The mission team deduced that much of the material aboard each spacecraft was broken up in the energy released during the impacts. Most of what remained probably is buried in shallow craters. The craters' size may be determined when NASA's Lunar Reconnaissance Orbiter returns images of the area in several weeks.

Launched in September 2011, Ebb and Flow had been orbiting the moon since Jan. 1, 2012. The probes intentionally were sent into the lunar surface because they did not have sufficient altitude or fuel to continue science operations. Their successful prime and extended science missions generated the highest resolution gravity field map of any celestial body. The map will provide a better understanding of how Earth and other rocky planets in the solar system formed and evolved.

"We will miss our lunar twins, but the scientists tell me it will take years to analyze all the great data they got, and that is why we came to the moon in the first place," Lehman said. "So long, Ebb and Flow, and we thank you."

JPL manages the GRAIL mission for NASA's Science Mission Directorate in Washington. GRAIL is part of the Discovery Program managed at NASA's Marshall Space Flight Center in Huntsville, Ala. Lockheed Martin Space Systems in Denver built the spacecraft.

For more information about GRAIL, visit:
http://www.nasa.gov/grail

SOURCE NASA

About PR Newswire
Copyright © 2007 PR Newswire. All rights reserved. Republication or redistribution of PRNewswire content is expressly prohibited without the prior written consent of PRNewswire. PRNewswire shall not be liable for any errors or delays in the content, or for any actions taken in reliance thereon.

Latest Cloud Developer Stories
The 4th International DevOps Summit, co-located with16th International Cloud Expo – being held June 9-11, 2015, at the Javits Center in New York City, NY – announces that its Call for Papers is now open. Born out of proven success in agile development, cloud computing, and proce...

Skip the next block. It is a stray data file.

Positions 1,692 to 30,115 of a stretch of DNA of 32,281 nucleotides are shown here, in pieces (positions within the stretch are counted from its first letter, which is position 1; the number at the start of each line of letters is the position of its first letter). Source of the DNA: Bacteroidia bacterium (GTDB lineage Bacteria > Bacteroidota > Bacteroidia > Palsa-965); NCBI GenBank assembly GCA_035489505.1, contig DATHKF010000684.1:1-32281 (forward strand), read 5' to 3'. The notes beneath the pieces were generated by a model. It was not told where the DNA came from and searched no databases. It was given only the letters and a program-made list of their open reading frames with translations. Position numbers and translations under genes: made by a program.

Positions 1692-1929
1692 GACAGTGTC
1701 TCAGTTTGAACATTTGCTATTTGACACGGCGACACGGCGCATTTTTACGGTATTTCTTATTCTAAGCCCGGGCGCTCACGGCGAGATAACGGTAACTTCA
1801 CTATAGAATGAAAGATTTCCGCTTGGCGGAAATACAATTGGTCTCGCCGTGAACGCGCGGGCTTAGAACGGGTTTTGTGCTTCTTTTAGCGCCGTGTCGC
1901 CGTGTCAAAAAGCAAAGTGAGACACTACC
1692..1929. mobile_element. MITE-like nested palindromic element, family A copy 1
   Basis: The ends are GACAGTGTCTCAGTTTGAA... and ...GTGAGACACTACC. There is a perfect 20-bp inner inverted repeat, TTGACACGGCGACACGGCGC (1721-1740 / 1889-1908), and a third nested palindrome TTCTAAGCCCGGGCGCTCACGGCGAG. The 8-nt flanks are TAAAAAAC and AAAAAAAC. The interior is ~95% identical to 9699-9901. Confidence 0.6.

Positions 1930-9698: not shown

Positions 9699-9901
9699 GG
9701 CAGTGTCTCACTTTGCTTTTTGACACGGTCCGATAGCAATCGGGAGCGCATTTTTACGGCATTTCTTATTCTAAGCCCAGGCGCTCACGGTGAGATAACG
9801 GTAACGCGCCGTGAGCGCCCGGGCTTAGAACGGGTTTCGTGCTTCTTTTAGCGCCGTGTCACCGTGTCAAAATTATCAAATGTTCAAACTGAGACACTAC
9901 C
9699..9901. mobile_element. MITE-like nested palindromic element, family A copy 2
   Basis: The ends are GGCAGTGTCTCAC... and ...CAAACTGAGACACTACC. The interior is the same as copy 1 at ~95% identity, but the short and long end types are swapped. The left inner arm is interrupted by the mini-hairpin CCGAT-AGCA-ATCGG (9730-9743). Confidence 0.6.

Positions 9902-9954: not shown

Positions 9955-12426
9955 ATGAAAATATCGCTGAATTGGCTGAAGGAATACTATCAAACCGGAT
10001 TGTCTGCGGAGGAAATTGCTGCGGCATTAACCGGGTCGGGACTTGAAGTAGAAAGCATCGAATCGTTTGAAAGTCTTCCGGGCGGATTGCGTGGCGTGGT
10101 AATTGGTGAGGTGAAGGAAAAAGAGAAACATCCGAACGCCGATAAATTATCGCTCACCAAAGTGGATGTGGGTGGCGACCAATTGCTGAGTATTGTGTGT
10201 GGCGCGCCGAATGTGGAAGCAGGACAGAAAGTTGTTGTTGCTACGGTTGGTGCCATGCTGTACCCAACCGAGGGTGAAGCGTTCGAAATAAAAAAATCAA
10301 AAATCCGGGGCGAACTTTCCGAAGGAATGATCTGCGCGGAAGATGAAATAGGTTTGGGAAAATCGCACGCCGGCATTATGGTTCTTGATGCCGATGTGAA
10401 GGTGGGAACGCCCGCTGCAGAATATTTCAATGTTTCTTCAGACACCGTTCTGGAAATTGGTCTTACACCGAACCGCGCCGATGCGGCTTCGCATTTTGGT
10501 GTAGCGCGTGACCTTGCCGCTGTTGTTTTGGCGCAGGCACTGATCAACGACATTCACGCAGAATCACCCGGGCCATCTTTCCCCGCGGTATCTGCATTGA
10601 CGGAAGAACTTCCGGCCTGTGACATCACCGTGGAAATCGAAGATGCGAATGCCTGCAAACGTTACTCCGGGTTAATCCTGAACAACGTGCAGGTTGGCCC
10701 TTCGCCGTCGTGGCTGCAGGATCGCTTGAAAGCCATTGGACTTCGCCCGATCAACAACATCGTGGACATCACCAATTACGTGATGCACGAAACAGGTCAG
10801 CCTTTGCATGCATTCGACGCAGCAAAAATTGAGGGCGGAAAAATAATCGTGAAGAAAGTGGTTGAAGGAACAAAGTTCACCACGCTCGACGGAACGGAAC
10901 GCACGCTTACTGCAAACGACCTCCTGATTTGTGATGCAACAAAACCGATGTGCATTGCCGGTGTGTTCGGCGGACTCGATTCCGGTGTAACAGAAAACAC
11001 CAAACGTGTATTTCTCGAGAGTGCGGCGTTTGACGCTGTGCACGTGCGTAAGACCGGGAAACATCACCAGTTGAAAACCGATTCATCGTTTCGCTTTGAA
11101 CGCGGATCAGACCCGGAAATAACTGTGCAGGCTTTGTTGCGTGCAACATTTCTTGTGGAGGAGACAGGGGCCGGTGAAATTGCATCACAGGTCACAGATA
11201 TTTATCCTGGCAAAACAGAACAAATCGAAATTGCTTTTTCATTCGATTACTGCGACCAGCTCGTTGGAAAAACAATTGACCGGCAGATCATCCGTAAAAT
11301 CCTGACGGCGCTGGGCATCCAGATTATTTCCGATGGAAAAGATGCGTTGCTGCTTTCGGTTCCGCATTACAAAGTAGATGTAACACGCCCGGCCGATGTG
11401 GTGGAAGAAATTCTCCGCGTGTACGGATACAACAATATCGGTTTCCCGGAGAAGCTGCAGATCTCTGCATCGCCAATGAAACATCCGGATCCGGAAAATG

Yahoo CIO Mike Kail will present a session on DevOps at the 3rd International DevOps Summit, November 4-6, 2014, at the Santa Clara Convention Center in Santa Clara, CA. Mike brings more than 23 years of IT operations experience with a focus on highly scalable architectures to Y...
The industry is heated with debates on whether adopting private or public cloud is the smartest, best, cheapest, you name it choice. But this debate is missing the mark. Businesses shouldn't be discussing public vs. private, but rather how can they make the two work together to t...
Be Among the First 100 to Attend & Receive a Smart Beacon. The Physical Web is an open web project within the Chrome team at Google. Scott Jenson leads a team that is working to leverage the scalability and openness of the web to talk to smart devices. The Physical Web uses bluet...
14th International Cloud Expo, held on June 10–12, 2014 at the Javits Center in New York City, featured three content-packed days with a rich array of sessions about the business and technical value of cloud computing, Internet of Things, Big Data, and DevOps led by exceptional s...
Subscribe to the World's Most Powerful Newsletters
Subscribe to Our Rss Feeds & Get Your SYS-CON News Live!
Click to Add our RSS Feeds to the Service of Your Choice:
Google Reader or Homepage Add to My Yahoo! Subscribe with Bloglines Subscribe in NewsGator Online
myFeedster Add to My AOL Subscribe in Rojo Add 'Hugg' to Newsburst from CNET News.com Kinja Digest View Additional SYS-CON Feeds
Publish Your Article! Please send it to editorial(at)sys-con.com!

Advertise on this site! Contact advertising(at)sys-con.com! 201 802-3021



SYS-CON Featured Whitepapers
ADS BY GOOGLE

Breaking Cloud Computing News

DALLAS, Aug. 30, 2014 /PRNewswire-iReach/ -- The mobile cloud market is fast gaining momentum pri...